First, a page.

Originally published in Air Force SBIR/STTR Concepts on the Horizon
An innovative scanning technology developed by a Colorado-based small business may eventually save lives and boost the success rate of military missions.
Funding from the Air Force Small Business Innovation Research/Small Business Technology Transfer (SBIR/STTR) Program helped Atmospheric and Space Technology Research Associates – also known as ASTRA – to create a new instrument to pinpoint atmospheric problems that impact communication and navigation signals.
This compact smart-scan mirror provides near real-time detection of “bubbles” in the Earth’s upper atmosphere, which can interfere with radio signals used by the Department of Defense.
Armed with the data, military planners could avoid performing operations in areas where the irregularities are occurring.
THE DOWNFALL OF EXISTING METHODS
Current technology cannot be used to predict bubbles in the ionosphere or provide real-time measurements with adequate precision. While imagers aboard Department of Defense weather satellites are available, for example, they are limited to coverage in the evening hours and only provide images at 100-minute intervals.
The goal of this Air Force SBIR project was for ASTRA to develop a smaller and more versatile instrument that can produce images of the nightside ionosphere by viewing ultraviolet light emanating from the atmospheric gases.
Also known as SIPS, for Scanning Imaging Photometer System, the new instrument consisted of a UV detector and a scan mirror.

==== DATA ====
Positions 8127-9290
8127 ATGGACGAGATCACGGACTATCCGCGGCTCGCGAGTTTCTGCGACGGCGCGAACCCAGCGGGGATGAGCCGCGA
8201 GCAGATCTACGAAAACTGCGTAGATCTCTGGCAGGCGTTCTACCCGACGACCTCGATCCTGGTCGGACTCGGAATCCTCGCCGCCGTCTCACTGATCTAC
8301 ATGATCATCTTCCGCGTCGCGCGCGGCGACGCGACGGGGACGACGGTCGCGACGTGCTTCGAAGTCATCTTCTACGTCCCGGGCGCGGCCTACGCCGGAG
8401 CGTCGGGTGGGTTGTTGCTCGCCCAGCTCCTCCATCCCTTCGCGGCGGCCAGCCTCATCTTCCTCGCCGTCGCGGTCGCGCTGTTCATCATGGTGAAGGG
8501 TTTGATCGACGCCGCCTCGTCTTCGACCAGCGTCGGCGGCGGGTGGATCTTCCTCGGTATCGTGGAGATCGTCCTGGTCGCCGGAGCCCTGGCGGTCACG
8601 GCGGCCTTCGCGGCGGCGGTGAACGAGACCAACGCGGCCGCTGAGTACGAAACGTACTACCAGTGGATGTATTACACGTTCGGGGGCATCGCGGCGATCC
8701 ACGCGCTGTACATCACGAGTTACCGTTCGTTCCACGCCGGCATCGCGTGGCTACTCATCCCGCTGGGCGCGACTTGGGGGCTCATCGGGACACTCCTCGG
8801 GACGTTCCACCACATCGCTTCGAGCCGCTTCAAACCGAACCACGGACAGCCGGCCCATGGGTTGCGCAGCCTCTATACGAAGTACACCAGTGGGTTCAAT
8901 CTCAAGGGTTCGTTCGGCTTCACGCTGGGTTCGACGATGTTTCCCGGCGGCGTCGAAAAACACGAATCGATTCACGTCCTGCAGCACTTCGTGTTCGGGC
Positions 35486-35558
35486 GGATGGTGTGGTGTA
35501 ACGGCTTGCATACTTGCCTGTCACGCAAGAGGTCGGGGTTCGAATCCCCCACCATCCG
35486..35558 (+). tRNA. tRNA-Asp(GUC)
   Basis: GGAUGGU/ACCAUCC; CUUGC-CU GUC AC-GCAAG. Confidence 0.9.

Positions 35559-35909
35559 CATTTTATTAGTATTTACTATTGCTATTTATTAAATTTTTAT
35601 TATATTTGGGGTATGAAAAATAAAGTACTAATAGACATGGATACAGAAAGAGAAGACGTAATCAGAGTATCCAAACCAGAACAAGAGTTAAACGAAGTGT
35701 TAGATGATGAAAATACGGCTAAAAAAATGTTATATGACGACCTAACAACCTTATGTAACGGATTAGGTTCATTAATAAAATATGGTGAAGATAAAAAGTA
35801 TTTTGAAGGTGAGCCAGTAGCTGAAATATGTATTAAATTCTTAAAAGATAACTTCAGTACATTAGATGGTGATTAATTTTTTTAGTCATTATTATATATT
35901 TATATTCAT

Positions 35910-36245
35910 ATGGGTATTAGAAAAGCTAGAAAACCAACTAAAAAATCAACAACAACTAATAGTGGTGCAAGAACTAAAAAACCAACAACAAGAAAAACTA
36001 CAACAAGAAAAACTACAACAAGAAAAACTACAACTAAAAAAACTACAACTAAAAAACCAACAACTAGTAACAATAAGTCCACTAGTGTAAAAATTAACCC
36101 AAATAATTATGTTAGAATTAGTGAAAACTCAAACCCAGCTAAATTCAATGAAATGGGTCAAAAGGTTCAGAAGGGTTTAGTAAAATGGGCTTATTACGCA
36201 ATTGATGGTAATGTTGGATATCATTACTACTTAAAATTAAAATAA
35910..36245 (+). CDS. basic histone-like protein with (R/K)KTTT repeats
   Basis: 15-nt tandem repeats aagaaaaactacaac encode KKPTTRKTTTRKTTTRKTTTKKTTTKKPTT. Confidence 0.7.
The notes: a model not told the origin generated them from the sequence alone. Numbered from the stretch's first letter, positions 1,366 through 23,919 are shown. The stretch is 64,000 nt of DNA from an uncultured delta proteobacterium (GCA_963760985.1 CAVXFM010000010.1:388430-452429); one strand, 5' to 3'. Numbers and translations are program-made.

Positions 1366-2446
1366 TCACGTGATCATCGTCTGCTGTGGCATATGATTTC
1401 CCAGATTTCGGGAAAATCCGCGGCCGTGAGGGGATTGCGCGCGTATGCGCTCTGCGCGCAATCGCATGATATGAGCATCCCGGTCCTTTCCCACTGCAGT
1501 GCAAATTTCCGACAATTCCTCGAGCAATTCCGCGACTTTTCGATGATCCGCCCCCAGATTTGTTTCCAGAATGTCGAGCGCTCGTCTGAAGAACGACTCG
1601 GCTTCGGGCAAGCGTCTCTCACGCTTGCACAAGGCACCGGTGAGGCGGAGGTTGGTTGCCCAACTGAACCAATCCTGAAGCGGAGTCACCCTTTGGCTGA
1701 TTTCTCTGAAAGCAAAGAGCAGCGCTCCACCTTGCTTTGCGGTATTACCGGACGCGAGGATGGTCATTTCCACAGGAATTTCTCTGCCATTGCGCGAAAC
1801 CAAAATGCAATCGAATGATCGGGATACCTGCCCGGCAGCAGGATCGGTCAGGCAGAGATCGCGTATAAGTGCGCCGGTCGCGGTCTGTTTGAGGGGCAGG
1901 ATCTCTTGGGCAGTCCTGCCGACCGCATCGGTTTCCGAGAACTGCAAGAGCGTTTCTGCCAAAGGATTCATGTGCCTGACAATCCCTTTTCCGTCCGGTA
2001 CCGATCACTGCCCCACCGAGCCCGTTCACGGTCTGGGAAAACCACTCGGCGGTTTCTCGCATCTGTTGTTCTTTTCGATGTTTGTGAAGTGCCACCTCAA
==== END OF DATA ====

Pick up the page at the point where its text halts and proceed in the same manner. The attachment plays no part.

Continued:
A similar concept has been flown on other satellites.
However, each of those imagers was large, expensive and had a single simple scan-mirror mode, which was continuously repeated, so the signal was weak and overcome by background noise in areas of low ultraviolet intensity.
POTENTIAL FOR WIDESPREAD USE
One of ASTRA’s advancements with this project is that SIPS is significantly smaller, lighter and cheaper than instruments flown previously, and requires only about a tenth of the power, so that it can easily be placed on small satellites called cubesats. A small group of SIPS-carrying cubesats could provide almost continuous imagery of the irregularities that cause poor UHF-based satellite communications and GPS positioning outages that can endanger lives in combat situations.
Another achievement of the project was the creation of a mirror with multiple scan modes. This allows useful measurements, even in low-signal regions of the Earth’s ionosphere. The signal-to-noise ratio of SIPS is also about 10 times better than current technology, so structures in the ionosphere can be more readily identified. Additionally, the plug-n-play interfaces on SIPS trim months from the integration and test process of traditional satellite systems.
While the focus of SIPS has been on producing an instrument that can provide overhead images of the ionosphere, ASTRA officials say it also has the potential to provide other important ionospheric parameters. Those could be useful to the Air Force as well as other federal agencies for space situational awareness.
“The potential for transition into operations is enormous,” said Dr. Geoff Crowley, CEO of ASTRA. “The SIPS instrument is so effective and low-cost that a few of them on small satellites would provide continuous missioncritical data on the locations where space weather effects are jeopardizing radio systems (for communication and navigation) and lives are being lost.”